By Herman M. Lagon
THE DINAGYANG Festival we now celebrate is a testament to the profound spirituality deeply embedded in the Ilonggo soul. In honor of the Santo Niño (Holy Child Jesus), this event is a spectacle of colors, sounds, and a profound expression of religious fervor and unity.
Rooted in the veneration of the Santo Niño, the Festival blends historical and spiritual elements. The rhythmic beats of drums, the swaying of bodies painted in vibrant hues, and the chants echoing through the streets transcend performance; they are acts of worship, a community’s collective expression of gratitude and devotion. The dances, steeped in history, recount the conversion of indigenous people to Christianity, symbolized in the lively steps and jubilant cries of “Viva Señor Santo Niño!”
Each dancer, adorned in elaborate costumes reflecting traditional tribal wear, partakes in a sacred act. Their movements are prayers made visible, embodying inner faith. The Festival bridges the earthly and the divine, transforming streets into spaces of spiritual encounter.
55-year-old Dinagyang fosters reflection and communal bonding, reminding participants of the universal call to faith and brotherhood. It strengthens a sense of belonging, where individual stories intertwine within a shared narrative of beliefs and traditions. It is a pause from daily life to reconnect with spiritual roots.
The Festival serves as a living museum, a vibrant exhibition of faith and the identity of the Filipinos, in general, and the Ilonggos, in particular. It educates the younger generation about solidarity, respect, and reverence. Dinagyang reminds us of the enduring power of tradition and faith amidst modernity.
Critics may view Dinagyang as a commercial spectacle, but this overlooks its profound spiritual significance. The Festival is a living testament to the enduring nature of faith in our culture, weaving through history, tradition, and modern life.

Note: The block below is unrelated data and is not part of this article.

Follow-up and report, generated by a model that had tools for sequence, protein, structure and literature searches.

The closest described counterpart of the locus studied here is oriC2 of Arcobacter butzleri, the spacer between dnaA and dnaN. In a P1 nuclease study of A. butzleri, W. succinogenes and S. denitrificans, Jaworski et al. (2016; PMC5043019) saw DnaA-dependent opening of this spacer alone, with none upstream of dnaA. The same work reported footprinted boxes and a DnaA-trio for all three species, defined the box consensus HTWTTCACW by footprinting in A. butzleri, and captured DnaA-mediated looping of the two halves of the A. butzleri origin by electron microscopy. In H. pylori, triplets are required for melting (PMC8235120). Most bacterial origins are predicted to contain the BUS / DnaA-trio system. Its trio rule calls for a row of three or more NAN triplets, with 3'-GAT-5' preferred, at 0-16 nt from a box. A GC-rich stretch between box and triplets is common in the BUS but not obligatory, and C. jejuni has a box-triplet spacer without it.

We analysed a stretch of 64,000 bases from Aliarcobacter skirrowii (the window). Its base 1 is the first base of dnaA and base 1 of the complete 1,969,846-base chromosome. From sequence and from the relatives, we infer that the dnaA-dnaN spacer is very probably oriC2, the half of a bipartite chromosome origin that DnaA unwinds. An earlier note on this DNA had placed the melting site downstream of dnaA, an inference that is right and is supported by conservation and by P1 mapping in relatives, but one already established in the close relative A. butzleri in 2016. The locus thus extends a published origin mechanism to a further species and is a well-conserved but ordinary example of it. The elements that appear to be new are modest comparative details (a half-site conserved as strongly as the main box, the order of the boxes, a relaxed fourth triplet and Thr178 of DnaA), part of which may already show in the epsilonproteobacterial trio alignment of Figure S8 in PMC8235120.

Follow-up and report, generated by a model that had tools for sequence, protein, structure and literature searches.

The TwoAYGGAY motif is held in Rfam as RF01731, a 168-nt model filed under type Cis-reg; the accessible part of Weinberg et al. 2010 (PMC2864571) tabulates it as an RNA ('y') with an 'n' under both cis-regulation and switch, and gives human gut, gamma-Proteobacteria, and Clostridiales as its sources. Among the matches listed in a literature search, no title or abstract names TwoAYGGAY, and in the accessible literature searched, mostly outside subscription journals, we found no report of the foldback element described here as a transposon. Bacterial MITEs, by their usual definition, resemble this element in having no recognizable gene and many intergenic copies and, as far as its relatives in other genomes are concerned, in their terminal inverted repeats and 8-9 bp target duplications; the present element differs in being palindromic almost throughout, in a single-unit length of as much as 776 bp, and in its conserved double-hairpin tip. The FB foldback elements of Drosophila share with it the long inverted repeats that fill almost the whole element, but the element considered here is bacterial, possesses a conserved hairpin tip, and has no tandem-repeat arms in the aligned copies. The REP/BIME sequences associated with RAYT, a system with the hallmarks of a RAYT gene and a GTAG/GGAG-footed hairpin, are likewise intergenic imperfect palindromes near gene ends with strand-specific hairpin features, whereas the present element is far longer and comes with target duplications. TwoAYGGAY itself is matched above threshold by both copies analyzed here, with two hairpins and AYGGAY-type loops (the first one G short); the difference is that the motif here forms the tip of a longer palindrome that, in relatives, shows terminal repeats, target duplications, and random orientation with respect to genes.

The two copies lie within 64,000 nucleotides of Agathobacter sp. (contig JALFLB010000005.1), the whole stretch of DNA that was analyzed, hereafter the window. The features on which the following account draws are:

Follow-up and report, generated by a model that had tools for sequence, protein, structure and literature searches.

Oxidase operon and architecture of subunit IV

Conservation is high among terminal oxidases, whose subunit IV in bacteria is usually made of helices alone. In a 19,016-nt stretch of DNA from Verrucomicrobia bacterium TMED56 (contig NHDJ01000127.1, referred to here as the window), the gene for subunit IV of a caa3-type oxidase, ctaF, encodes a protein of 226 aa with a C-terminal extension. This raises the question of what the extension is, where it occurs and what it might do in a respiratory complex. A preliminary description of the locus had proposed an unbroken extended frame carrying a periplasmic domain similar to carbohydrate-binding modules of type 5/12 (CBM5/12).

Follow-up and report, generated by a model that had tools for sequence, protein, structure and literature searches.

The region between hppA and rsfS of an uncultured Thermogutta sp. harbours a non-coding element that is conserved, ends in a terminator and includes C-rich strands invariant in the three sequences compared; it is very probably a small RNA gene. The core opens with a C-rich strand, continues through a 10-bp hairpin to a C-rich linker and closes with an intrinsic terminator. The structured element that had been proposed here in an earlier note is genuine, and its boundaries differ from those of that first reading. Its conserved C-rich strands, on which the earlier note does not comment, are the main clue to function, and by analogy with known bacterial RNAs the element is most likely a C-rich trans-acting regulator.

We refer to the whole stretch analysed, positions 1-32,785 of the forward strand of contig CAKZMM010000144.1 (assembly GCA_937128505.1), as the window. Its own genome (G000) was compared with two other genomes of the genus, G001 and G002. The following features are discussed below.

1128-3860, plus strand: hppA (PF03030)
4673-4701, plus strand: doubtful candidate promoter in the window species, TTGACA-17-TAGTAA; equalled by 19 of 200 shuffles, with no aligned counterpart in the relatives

The theme “Pagdayaw kay Señor Sto. Niño, Padayaw sang mga Ilonggo! (Praise to Señor Santo Niño, the Ilonggos’ dance of joy!)” encapsulates the Festival’s dual nature. It is a declaration of reverence for a religious icon and a celebration of vibrant culture.
Nonetheless, the religious schedule of the Festival reinforces its spiritual essence. Its highlight days begin with a Fluvial Procession along the Iloilo River on January 26, where replicas of the Santo Niño are paraded, setting a spiritual tone. A solemn foot procession follows this and the Dinagyang ILOmination Streetdance Competition and Floats Parade of Lights. On January 27, the Street Dance Parade and Sadsad sa Calle Real take place, culminating in a Kasadyanhan sa Kabanhawanan and a grand religious procession at San Jose Parish Placer. The Festival concludes with a Concelebrated High Mass on January 28, followed by the Ati Competition, affirming its religious significance. The Kasadyahan and the Ati Festivals, significant parts of the weeks-long Dinagyang celebration, inherently feature performances with religious themes.
Dinagyang, thus, stands as more than a Festival. It is a testament to the Ilonggos’ faith, a ‘dagyang’ dance of devotion, a celebration of our rich heritage, and a symphony of souls united in worship. As the drums beat and the crowd chants, Dinagyang remains a powerful reminder of the enduring spirit of the Ilonggos, our resilience, joy, and unshakeable faith.
Doc H fondly describes himself as a ‘student of and for life’ who, like many others, aspires to a life-giving and why-driven world that is grounded in social justice and the pursuit of happiness. His views herewith do not necessarily reflect those of the institutions he is employed or connected with.